Comments

  • StantonStanton Posts: 5Member
    Radiator pipes

    I need to connect to old radiator pipes for my boiler replacement project. The pipe system was steam then converted to hot water. Now I'm going to zone the system with circulator pumps. I'll need to connect to the existing pipes in some way. Do I have to use an existing, threaded joint the connect with a brass fitting or can I somehow cut the pipe and connect with a compression fitting?

    Some of the pipes are 1.75", 1.25" and .75". Is there a good online source for brass fittings in these sizes?
  • Brad White_9Brad White_9 Posts: 2,440Member
    Why not

    try bushing the pipes down (in the basement perhaps) and connect each radiator to a manifold with PEX-AL-PEX? You can get indidvidual control (several homeruns granted or come off of copper mains).

    My point being that each radiator flow rate is MUCH less than the older pipe sizes indicate. You could probably do each with 1/2" PEX-AL-PEX (10-15 MBH at a 20 degree delta-T).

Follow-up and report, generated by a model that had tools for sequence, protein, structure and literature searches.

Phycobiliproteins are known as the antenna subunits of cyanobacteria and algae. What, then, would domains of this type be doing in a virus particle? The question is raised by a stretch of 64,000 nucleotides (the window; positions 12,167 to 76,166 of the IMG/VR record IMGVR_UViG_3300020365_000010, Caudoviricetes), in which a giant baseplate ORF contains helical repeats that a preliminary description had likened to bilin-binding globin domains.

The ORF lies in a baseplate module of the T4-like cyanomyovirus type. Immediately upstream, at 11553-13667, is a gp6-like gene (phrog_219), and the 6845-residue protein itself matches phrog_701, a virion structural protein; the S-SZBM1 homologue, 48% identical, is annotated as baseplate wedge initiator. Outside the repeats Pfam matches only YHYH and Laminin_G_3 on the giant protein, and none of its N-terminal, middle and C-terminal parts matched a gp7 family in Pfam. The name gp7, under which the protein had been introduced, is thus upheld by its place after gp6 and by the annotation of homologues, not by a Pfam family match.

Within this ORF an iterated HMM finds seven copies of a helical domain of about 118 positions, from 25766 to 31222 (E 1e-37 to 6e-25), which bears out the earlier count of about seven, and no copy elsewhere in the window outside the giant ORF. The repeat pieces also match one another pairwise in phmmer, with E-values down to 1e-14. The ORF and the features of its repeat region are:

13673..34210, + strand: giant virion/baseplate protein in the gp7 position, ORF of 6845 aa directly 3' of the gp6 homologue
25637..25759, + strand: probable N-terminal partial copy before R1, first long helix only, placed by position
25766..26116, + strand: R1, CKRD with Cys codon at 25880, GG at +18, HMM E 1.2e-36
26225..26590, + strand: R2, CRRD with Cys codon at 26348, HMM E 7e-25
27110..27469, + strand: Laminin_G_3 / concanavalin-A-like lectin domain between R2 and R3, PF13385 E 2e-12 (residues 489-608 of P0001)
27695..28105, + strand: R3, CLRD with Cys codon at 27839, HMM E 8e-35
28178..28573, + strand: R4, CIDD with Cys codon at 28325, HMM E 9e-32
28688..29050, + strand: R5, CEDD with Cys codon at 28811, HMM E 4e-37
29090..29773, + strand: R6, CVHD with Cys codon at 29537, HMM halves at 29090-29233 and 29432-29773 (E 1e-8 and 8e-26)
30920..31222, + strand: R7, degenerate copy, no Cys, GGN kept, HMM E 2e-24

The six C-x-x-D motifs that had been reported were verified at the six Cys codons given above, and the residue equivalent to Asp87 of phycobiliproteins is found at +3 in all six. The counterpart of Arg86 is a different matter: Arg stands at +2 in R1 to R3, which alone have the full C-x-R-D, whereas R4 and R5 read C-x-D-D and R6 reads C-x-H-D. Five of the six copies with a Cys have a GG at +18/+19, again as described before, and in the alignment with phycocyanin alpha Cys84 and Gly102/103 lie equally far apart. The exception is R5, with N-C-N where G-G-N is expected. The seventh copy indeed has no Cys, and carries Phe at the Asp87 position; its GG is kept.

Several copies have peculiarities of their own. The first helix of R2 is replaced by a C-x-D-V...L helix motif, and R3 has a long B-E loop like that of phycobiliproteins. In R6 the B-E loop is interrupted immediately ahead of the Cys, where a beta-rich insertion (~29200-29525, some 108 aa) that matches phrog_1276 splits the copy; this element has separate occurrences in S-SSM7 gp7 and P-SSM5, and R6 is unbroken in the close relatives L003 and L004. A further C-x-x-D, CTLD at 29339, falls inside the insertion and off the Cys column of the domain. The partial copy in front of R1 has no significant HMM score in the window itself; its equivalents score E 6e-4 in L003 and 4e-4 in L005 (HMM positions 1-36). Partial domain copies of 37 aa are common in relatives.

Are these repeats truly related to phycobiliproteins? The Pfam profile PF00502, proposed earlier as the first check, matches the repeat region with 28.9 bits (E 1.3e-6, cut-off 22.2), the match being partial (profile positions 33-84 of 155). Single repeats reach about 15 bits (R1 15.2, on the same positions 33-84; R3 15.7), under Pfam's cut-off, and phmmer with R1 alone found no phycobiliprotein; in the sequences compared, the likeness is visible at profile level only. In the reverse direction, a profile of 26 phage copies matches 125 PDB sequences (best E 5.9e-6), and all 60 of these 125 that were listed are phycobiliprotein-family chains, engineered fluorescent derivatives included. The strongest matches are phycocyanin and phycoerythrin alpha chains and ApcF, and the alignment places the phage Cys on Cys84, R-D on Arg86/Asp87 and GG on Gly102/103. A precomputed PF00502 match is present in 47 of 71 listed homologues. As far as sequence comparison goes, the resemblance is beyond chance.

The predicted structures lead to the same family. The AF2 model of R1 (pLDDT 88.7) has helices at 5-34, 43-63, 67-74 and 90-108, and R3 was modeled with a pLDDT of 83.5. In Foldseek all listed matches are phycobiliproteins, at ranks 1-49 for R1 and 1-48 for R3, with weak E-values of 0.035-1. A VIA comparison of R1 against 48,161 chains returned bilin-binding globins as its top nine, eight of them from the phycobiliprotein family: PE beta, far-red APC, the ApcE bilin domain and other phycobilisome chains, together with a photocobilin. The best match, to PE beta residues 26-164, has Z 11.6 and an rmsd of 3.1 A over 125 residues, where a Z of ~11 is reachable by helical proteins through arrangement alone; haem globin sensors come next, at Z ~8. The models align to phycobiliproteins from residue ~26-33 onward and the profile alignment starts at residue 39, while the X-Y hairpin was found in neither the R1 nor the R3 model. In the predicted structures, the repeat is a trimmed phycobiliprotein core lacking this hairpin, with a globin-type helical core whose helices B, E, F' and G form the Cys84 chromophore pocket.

Save fittings, time, routing, soldering, size and dielectric issues in one job. What do you think?
  • J.C.A._3J.C.A._3 Posts: 2,981Member
    Sounds like a great system for......

    Constant circulation and some TRV's.

    Save yourself the time and just pipe in a PBDV and some TRV's. Make every room its own zone, and be done with it. With a MOD/CON boiler, the pipe and water content become your friend. Look into it. The upfront cost is without a doubt higher but the payback will come way quicker. JMHO. Chris